One Year of Line Writing Co.

Holy smokes! It’s been a whole year.

When I saw this anniversary pop up on my Facebook memories, I felt a lot of emotions. I felt nervousness, pride, and excitement for the future. I felt capable, empowered, and, quite frankly, like a bit of a badass. While the memories feature usually reminds me of unfashionable years of high school and the times in college where I wore WAY too much bronzer, I now know that the Facebook memories feature is good for something after all!

I wanted to share a post highlighting the five most important lessons I learned the past year. While these are not inclusive of all the lessons I’ve learned, I figured I had to start somewhere. Starting a small business can be terrifying. You’re taking a hobby or something you enjoy and turning it into your job. After all, the only thing that separates a hobby from a business is a profit.

It can be a leap of faith and at times can reduce you to tears over the amount of stress you’ve piled on willingly. It can make you question your capabilities, examine your priorities one hundred times over, and also lead you to some pretty impressive feats. At the end of the day, I wouldn’t change a thing. I’ve met incredible people, worked with clients I couldn’t have ever imagined working with (like a jewelry designer in Italy – how crazy is that!?), and honed my skills to create a business that I’m proud to call my own.

Shall we begin?

Lesson One: Give yourself grace.

I made this number one for a reason. While it is applicable in all areas of life, it is especially important when it comes to the world of business. So what if that call with a potential client was a bit of a fumble? Who cares if it took an extra revision as long as the job was done well? What does that person saying “no” have to do with your skills, value, or worth!? Whatever it might be, I’ve learned to give myself grace in the business of business. We all have to start somewhere. Sure, you might not be perfect right away. Hell, you won’t ever be perfect. But listen to that inner voice. Feed yourself grace, positivity, and encouragement. Every step of the way.

Lesson Two: Be adaptable.

This one is a hard one for me. Growing a business means change…and lots of it. As someone who doesn’t necessarily love change, this was particularly difficult. I’ve learned to be adaptable with my services, my time, and my energy. I’ve created a more elastic schedule and a more flexible approach to my work recently instead of keeping myself confined to certain lines and boxes. Another good area to remind yourself to be adaptable in is in regards to tax season. Ha! Those numbers…they’re not a typo. Being a small business owner is no joke when it comes to taxes. Being adaptable has helped me have a more open mindset in regards to all of the moving parts of my business.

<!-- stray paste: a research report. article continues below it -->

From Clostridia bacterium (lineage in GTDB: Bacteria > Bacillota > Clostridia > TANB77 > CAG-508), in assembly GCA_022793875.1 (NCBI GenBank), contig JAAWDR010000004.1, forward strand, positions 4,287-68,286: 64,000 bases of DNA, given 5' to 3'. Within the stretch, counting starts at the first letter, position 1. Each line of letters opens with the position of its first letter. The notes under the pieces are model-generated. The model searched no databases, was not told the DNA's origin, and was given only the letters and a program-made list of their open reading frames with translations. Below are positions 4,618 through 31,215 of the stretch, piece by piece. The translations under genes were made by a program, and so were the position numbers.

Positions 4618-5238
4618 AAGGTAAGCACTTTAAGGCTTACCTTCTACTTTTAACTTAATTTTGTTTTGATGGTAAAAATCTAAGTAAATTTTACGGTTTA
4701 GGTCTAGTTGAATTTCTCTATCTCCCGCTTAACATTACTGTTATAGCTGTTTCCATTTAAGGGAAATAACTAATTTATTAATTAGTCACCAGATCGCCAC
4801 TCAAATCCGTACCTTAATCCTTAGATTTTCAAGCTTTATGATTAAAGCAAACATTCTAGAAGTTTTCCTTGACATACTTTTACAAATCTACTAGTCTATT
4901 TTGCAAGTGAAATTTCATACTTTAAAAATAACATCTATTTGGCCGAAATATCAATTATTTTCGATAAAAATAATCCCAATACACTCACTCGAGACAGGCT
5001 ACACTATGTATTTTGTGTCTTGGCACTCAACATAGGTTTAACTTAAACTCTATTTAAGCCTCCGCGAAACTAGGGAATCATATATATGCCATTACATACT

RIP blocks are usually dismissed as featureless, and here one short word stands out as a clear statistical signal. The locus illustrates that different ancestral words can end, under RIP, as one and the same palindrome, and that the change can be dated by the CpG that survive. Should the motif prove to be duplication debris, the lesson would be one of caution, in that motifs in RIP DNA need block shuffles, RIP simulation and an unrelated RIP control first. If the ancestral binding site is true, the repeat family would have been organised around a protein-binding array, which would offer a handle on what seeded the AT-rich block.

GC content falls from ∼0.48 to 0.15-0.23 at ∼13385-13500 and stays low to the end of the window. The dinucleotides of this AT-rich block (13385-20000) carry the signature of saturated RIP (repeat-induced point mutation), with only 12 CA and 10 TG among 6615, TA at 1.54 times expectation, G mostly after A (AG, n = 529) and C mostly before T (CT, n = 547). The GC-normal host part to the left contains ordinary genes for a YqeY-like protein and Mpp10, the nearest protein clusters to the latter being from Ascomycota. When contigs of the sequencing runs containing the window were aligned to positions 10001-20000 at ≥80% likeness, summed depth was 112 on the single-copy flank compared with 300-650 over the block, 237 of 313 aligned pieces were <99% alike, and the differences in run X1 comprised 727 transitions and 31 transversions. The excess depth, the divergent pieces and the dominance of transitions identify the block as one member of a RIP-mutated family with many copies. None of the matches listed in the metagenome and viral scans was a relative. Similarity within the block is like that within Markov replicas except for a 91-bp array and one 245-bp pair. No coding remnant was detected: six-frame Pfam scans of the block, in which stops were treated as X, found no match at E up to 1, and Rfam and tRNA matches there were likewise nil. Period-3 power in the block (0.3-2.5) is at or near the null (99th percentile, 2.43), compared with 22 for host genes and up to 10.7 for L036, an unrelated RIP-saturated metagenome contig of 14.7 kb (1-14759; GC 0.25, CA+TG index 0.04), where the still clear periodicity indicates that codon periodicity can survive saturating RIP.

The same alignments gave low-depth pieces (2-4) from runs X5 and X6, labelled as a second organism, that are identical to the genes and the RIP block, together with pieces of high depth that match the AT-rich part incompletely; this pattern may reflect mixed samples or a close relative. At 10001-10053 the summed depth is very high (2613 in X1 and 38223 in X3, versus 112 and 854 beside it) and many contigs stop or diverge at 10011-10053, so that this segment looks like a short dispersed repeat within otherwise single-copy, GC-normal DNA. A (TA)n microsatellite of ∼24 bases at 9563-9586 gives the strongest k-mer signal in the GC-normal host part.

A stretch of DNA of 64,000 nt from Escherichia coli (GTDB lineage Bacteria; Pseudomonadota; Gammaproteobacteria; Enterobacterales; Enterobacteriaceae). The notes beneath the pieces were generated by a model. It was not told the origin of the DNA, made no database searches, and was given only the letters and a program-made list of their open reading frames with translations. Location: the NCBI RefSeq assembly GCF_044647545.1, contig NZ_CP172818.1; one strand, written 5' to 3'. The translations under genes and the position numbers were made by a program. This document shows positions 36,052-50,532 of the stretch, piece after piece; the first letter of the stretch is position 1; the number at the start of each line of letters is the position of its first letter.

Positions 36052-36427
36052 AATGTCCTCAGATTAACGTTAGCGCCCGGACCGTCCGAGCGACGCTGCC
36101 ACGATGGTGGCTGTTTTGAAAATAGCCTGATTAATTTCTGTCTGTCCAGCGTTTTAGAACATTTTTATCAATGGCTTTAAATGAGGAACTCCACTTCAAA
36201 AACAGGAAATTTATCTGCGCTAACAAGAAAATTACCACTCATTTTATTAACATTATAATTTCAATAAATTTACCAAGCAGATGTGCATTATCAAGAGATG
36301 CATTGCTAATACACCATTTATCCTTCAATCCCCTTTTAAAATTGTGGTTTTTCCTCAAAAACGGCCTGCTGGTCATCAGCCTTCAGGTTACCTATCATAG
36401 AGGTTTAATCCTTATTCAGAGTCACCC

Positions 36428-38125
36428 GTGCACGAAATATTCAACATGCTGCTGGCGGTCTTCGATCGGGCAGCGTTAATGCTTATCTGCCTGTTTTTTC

Lesson Three: See the value in yourself.

This lesson took the longest. In fact, it’s still continuing as I type. I’m not going to dive into pricing on here because this isn’t the place for a conversation on finances. However, if you’re looking to start your own business, I’m more than happy to speak with you more about my experience (the good stuff and the bad)! You are offering a value to someone. Whatever service you’re providing or item you’re selling, you are giving value. See that in yourself! It’s easy to undersell ourselves, not believe in ourselves enough, or talk ourselves out of offering a new service or changing our prices. You are your own biggest advocate. See the value of yourself and what you’re offering. It changed the way I do business.

Lesson Four: Don’t set limits on what you’re capable of.

Say “yes” to that scary job. Better yet, say “yes!” with an exclamation point. Fake it until you make it. As much as I used to hate when people would say that (soooo cliché, right?), now I am a full believer. I had never written an about me before starting this business. I had never written a blog for anyone else before. I had never made graphics. I had never written web copy. You get the point I’m trying to make. Say yes, be confident, and do the dang thing. Not only should you do it…but learn how to do it in the process. Learn how to do the things that scare you the most. Just because you’ve never done something before doesn’t mean you need to cross it off as a possibility. You are capable of anything. Remember that!

As a side note on this: just because you’re capable of something, don’t feel obligated to do it. Does that make sense? For example, I quickly learned what I didn’t want to continue doing. I began to focus on things I wouldn’t have thought I’d focus on. It’s all just a “fun” game of trial and error.

Lesson Five: Always stay humble and kind.

Okay, so I borrowed from Tim McGraw for this one. This song literally brings me to tears every time. I have found it has influenced a lot of things I do in life, but it has already influenced the way I want to be as a business owner. There is a line at the end that says, “when you get where you’re going don’t forget turn back around, help the next one in line, always stay humble and kind.” Is this applicable right now in my business? Not yet. But I can’t wait for the day where I’m able to employ other writers, build a team of young entrepreneurial women, and expand the Line Writing Co. reach as far and wide as possible. It’s important to dream big. That’s what this lesson has taught me. It’s taught me to keep on truckin’, always determined to get to that place in the future where I can help the next one in line.

As always, thanks for reading! My mind is a constant storm of thoughts, feelings, and ideas. This platform gives me the opportunity to share them and for that I’m forever grateful.

Until next time,


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